Jami Attenberg (BSS #172)

Jami Attenberg is most recently the author of The Kept Man.

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Condition of Mr. Segundo: Seduced by the Church of Tequilology.

Author: Jami Attenberg

Subjects Discussed: Adam Sternbergh’s grups article, Terri Schiavo, wondering what people do all day long, the donut girls in Greenpoint, donut shops that stick on the brain, pickup artists, describing objects in relation to their topograhical origin, having relationships with people in the neighborhood, drawing on specific aspects of the art world for fiction, levels of indecisiveness within narrative, the dreamlike state of organic writing, Charles Dodgson, photography, finding the story in revision, Richard Avedon’s In the American West, Nebraska, how Attenberg “meets” her characters in real life, the criteria of “not wanting to know about something,” the difference between the literal and metaphorical meaning of a passage, a cat that planted itself on Our Young, Roving Correspondent’s lap, passive characters, life vs. the preordained structure of a book, on not believing what reviews say, the emotional consistency of a novel, how people judge, obscenities excised by mainstream publishers, the give or take of editing, the class component, subletting apartments, neighbors who die, communicating with a next-door neighbor through IM, and contending with the unanticipated observations of readers.

EXCERPT FROM SHOW:

Attenberg: Grups. I’m not that familiar with that term. What is it?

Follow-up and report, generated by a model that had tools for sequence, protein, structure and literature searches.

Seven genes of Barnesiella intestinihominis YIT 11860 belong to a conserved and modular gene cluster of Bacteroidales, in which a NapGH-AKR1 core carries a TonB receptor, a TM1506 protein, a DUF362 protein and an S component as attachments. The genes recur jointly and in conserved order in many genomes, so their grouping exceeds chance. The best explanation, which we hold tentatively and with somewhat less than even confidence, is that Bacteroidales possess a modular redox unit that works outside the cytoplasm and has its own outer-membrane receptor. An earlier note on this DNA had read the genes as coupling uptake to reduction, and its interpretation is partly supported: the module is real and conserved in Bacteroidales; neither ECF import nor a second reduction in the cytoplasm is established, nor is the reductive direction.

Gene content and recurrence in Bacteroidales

Correspondent: Grups. There was this big brouhaha. In fact, Neal Pollack, who I noticed that you had in the acknowledgments section, he was actually quoted in the article. It’s basically short for “grown-ups.” It comes from a Star Trek episode. And Adam Sternbergh wrote this long article bemoaning those who are in their thirties — the alternadads and that kind of thing.

Attenberg: Oh, like the grown-up yuppies.

Correspondent: Exactly.

Attenberg: Oh yeah. I guess it sort of started with the three men. The three kept men in the book. I really just wanted to write about them. And I really noticed a lot of people around Williamsburg, where I live. And they just seemed to have a lot of time on their hands. And I started meeting men who had much wealthier wives. And they were all sort of artistic and vaguely pursuing their path. And so I became fascinated with that.

(A longer excerpt from this interview can be found here.)

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Categories: Fiction

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